The elderly woman was so rigid that when lifted from her wheelchair her body remained frozen in a seated position. Her family didn't think she could live at home.
Then Dr. Rod Holladay stopped her tranquilizers. "The next day she was up and walking."Not all cases are as dramatic, but medication prescribed to help older people feel better too often has the opposite effect.
"The elderly are probably the most overmedicated segment of the population," said Holladay, medical director at the Geriatric Assessment Center at Methodist Hospital here.
"Five to 10 percent of the elderly population are suffering from overprescription," said Dr. William Applegate, chief of the geriatric medicine division at the University of Tennessee. The symptoms can range from minor to life-threatenng.
Medication is to blame in about one-third of cases involving someone age 65 or older becoming confused, disoriented or forgetful, said Toni Messenger, a nurse practitioner at the geriatric center. She said 5 to 30 percent of older Americans experience some reversible mental status changes.
Too often patients and their families accept medication-induced problems as normal aging. "They often blame old age and think this is how they're supposed to feel. Yet many of the problems may be due to medications and often something can be done," Holladay said.
It's a delicate balance. Chronic problems like high blood pressure, heart disease, emphysema and diabetes aren't curable and often must be controlled with medication.
For example, the diuretic prescribed to treat high blood prssure or congestive heart failure can leave the patient feeling lethargic and ill.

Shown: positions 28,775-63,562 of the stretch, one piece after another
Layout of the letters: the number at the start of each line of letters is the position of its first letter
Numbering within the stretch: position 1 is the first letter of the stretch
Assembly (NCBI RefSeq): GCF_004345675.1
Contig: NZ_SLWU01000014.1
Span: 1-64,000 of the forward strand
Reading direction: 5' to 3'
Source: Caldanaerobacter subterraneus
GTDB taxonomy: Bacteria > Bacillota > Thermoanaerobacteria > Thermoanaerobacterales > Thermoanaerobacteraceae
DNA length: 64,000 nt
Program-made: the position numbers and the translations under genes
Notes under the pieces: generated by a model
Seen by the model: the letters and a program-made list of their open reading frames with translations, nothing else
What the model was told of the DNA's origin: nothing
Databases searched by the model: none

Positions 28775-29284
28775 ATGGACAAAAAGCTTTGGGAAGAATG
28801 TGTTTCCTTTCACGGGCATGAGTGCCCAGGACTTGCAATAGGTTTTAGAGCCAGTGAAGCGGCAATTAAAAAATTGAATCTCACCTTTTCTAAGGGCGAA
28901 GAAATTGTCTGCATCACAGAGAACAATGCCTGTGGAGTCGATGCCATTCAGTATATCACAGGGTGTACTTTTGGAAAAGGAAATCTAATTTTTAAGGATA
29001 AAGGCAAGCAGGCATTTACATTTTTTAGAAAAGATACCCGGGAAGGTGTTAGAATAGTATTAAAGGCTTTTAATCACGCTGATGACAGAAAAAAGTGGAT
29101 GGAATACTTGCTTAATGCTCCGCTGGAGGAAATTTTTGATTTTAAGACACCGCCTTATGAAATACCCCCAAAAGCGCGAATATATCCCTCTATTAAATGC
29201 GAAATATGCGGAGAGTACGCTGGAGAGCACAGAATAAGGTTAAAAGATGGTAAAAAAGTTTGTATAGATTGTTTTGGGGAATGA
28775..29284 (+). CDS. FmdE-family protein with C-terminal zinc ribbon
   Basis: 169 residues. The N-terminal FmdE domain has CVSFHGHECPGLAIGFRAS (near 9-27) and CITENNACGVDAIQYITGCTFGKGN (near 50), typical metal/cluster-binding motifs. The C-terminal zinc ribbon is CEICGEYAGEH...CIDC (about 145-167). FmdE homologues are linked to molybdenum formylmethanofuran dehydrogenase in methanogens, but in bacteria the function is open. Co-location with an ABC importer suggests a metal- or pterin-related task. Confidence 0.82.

Tagamet for an ulcer might "cause an older person to become confused, disoriented and forget where they are," Holladay said.
Applegate said older patients commonly have problems with sedatives, tranquilizers and large doses of high blood pressure medication.
Age changes the way the body handles drugs. Drugs are commonly broken down by the liver and excreted through the kidneys. With age both organs slow down and drugs remain in the body longer.
It's also common for older patients to have a specialist for each problem. The heart specialist isn't necessarily aware what the person's urologist and rheumatologist are prescribing. The prescriptions combined can cause problems.
Applegate estimated that in 60 percent of overmedication cases, one medication is to blame and the remaining cases involve interaction of several drugs.
Having one doctor who oversees care can help reduce unnecesary medication or dangerous medication combinations, Holladay said.
People referred to the center bring in all their prescription and nonprescription medication, Messenger said. It's not unusual for people to tote in eight prescription medicines, plus aspirin, laxatives, antacids, eye drops and other common over-the-counter medicines.
Family and friend can help protect the elderly from overmedication. Ms. Messenger said any time an older person undergoes a change in mental status ask to see their medicines. "If they are taking more than four prescription medicines I'd want to contact the physicians and ask about the medicine," she said.